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Holy and righteous God, you created us in your image.

Grant us grace to contend fearlessly against evil

and to make no peace with oppression.

Help us [like your servant Sarah Mapps Douglass]

to use our freedom to bring justice among people and nations,

to the glory of your name;

through your Son, Jesus Christ.  Amen.

Hosea 2:18-23

Psalm 94:1-14

Romans 12:9-21

Luke 6:20-36

–Adapted from the Lutheran Book of Worship (1978), 37

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Feast of Emily Greene Balch (January 9)   1 comment

Above:  Emily Greene Balch

Image in the Public Domain

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EMILY GREENE BALCH (JANUARY 8, 1867-JANUARY 9, 1961)

U.S. Quaker Sociologist, Economist, and Peace Activist

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If Messiah should arise bodily from death, it would mean there was more for us to learn in our efforts to understand than we had expected.  It would not overthrow any truth that we had eventually reached, whatever adjustment our thought might have to make.

–Emily Greene Balch, quoted in G. Scott Cady and Christopher L. Webber, A Year with American Saints (2006), 90

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Emily Greene Balch, raised a Unitarian, spent her adult life working for social justice.  She, born in Boston, Massachusets, on January 8, 1867, came from a wealthy and prominent family.  Family wealth enabled our saint to receive a fine education.  Unitarianism, with its tradition of social justice activism, also contributed to Balch’s professional direction.  She graduated from Bryn Mawr College in 1889 then at the Sorbonne.  In 1892, in Boston, between graduate studies at the Sorbonne and at Harvard, Balch founded Denison House, modeled after Hull House, in Chicago, Illinois.  Our saint continued her graduate studies (focused on poverty, sociology, gender, and economics) at the Universities of Chicago and Berlin.

Balch served on the faculty of Wellesley College from 1896 to 1918.  She rose to Professor of Economics in 1913.  The college fired her in 1918; the cause of the termination was our saint’s pacifism during World War I.

Balch spent her professional life pursuing practical solutions to problems of poverty and gender.  The word “intersectionality” did not exist yet, but she tried to help people at intersections of categories, such as poor, child, female, immigrant, industrial worker, and conscientious objector.    She supported the labor union movement, was a suffragette, helped conscientious objectors, advocated to end child labor, and worked on industrial education.   Balch, Jane Addams (1860-1935), and others founded the Women’s International League for Peace and Freedom in 1915.  Our saint served as the Secretary General of that organization for a number of years.  She also joined the Fellowship of Reconciliation.  Balch, a convert to Quakerism in 1921, assisted refugees from the Third Reich while continuing to help conscientious objectors during World War II.  She also supported Allied victory in that war.  For our saint’s work with the Women’s International League for Peace and Freedom she received the Nobel Peace Prize in 1946.

Balch, who never married, lived to the age of 94 years.  She died in Cambridge, Massachusetts, on January 9, 1961.

KENNETH RANDOLPH TAYLOR

AUGUST 1, 2019 COMMON ERA

THE FEAST OF SAINT JOSEPH OF ARIMATHEA, DISCIPLE OF JESUS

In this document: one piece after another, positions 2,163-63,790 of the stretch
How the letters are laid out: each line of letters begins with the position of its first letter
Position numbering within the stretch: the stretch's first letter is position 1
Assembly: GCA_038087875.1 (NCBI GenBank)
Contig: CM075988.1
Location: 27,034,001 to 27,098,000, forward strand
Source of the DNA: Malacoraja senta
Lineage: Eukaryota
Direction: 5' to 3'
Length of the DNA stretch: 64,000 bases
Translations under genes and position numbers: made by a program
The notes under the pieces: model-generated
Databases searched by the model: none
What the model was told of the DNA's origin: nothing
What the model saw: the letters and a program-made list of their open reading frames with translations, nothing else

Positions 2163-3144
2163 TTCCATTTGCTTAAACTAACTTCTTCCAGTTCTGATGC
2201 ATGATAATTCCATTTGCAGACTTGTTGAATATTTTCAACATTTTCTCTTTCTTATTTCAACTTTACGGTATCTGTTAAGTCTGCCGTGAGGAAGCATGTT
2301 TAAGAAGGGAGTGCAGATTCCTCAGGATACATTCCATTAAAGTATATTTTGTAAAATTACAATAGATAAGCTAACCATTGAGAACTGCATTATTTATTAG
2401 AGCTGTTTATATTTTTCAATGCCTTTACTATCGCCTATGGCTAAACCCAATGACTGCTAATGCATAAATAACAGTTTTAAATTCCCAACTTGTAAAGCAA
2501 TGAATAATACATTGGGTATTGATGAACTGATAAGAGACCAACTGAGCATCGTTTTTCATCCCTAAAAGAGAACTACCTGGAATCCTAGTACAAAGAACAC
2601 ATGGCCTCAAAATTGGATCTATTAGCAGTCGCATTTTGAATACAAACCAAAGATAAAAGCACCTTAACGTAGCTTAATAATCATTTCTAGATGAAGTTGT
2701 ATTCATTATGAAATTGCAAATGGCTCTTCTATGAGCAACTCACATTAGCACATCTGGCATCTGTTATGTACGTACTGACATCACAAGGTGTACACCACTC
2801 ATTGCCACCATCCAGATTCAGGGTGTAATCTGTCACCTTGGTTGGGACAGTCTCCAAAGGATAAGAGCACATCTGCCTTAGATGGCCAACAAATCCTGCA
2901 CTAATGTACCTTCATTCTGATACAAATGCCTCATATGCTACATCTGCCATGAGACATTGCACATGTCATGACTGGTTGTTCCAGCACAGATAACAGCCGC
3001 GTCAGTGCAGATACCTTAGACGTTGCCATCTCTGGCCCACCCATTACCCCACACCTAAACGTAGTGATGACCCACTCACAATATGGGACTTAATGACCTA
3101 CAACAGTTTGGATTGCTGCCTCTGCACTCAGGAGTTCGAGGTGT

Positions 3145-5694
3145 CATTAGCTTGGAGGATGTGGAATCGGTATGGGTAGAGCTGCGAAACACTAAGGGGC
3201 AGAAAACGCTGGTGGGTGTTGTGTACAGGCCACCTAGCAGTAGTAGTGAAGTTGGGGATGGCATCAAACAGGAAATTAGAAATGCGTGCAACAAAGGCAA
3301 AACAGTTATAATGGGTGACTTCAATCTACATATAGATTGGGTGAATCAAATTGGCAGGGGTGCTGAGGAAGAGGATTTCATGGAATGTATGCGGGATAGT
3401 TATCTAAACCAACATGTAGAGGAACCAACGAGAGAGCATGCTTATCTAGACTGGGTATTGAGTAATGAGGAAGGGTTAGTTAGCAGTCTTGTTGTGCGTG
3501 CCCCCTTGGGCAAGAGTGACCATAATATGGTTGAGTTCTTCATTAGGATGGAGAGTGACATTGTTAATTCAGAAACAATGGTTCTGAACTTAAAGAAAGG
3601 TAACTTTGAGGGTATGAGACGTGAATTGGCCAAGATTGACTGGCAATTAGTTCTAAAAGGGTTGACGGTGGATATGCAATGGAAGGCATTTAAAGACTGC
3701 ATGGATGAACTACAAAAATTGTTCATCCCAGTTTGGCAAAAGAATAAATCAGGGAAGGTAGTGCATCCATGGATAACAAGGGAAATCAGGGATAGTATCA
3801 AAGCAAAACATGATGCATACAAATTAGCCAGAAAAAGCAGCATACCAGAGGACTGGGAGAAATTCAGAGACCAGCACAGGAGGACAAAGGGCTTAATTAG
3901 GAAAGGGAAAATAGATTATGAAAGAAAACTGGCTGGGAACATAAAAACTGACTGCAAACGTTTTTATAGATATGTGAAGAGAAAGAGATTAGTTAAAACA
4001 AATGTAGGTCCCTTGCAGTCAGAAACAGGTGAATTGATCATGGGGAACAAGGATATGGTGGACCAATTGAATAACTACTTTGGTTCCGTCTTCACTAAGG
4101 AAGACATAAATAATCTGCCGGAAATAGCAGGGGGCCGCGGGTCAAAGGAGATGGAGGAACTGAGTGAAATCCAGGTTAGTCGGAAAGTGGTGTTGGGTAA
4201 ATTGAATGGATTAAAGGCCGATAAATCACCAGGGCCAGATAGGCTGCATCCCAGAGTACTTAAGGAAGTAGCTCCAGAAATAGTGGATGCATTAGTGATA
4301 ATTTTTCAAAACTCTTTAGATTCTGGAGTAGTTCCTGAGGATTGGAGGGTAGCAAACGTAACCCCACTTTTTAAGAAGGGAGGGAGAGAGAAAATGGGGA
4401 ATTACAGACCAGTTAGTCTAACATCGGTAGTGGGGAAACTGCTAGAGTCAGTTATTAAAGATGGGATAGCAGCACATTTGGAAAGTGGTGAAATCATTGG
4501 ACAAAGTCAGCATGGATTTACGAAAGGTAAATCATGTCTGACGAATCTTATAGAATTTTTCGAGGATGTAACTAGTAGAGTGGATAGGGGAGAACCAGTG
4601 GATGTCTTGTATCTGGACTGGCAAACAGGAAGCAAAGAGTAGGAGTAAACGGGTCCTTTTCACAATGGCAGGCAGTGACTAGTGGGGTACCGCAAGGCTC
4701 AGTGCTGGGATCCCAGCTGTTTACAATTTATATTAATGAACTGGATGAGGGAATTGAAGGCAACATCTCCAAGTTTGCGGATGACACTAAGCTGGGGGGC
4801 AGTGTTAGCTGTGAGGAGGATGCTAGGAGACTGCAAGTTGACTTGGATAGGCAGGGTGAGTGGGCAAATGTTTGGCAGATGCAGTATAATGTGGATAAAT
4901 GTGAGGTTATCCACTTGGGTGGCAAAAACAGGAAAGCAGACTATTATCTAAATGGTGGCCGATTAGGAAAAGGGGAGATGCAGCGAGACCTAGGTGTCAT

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Holy and righteous God, you created us in your image.

Grant us grace to contend fearlessly against evil and to make no peace with oppression.

Help us, like your servant Emily Greene Balch,

to work for justice among people and nations, the the glory of your name,

through Jesus Christ, our Savior and Lord, who lives and reigns

with you and the Holy Spirit, one God, now and forever.  Amen.

Hosea 2:18-23

Psalm 94:1-15

Romans 12:9-21

Luke 6:20-36

–Adapted from Evangelical Lutheran Worship (2006), 60

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Feast of Sojourner Truth (November 26)   2 comments

Above:  Sojourner Truth

Image in the Public Domain

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SOJOURNER TRUTH (1797-NOVEMBER 26, 1883)

U.S. Abolitionist, Mystic, and Feminist

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If the first woman God ever made was strong enough to turn the world upside down all alone, these women together ought to be able to turn it back , and get it right side up again! And now they is asking to do it, the men better let them.

–Sojourner Truth, 1851

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Sojourner Truth comes to this, my Ecumenical Calendar of Saints’ Days and Holy Days, mainly via The Episcopal Church, the Evangelical Lutheran Church in America, and the Evangelical Lutheran Church in Canada.  She also comes to my Ecumenical Calendar via Robert Ellsberg, All Saints:  Daily Reflections on Saints, Prophets, and Witnesses for Our Time (1997), and G. Scott Cady and Christopher L. Webber, A Year with American Saints (2006).  Truth’s Lutheran feast day, shared with Harriet Tubman, is March 10.  The feast day situation in The Episcopal Church is complicated, though.

The Episcopal calendar of saints used to be a simple matter.  From 1963 or so to 2009, the then-current edition of Lesser Feasts and Fasts defined the church calendar.  From 1988 to 2006, the triennial General Convention approved the new edition of Lesser Feasts and Fasts, with “new” saints added.  The General Convention of 2009 left Lesser Feasts and Fasts 2006 (published in 2007) unaltered yet authorized a greatly expanded side calendar, the first guide to which which was Holy Women, Holy Men:  Celebrating the Saints (2010).  The General Convention of 2012 left Holy Women, Holy Men (2010) alone, but the General Convention of 2015 authorized a successor, A Great Cloud of Witnesses:  A Calendar of Commemorations (2016).  The General Convention of 2018 authorized the expanded Lesser Feasts and Fasts 2018, which, as of the date I write this post, is available only as a PDF document.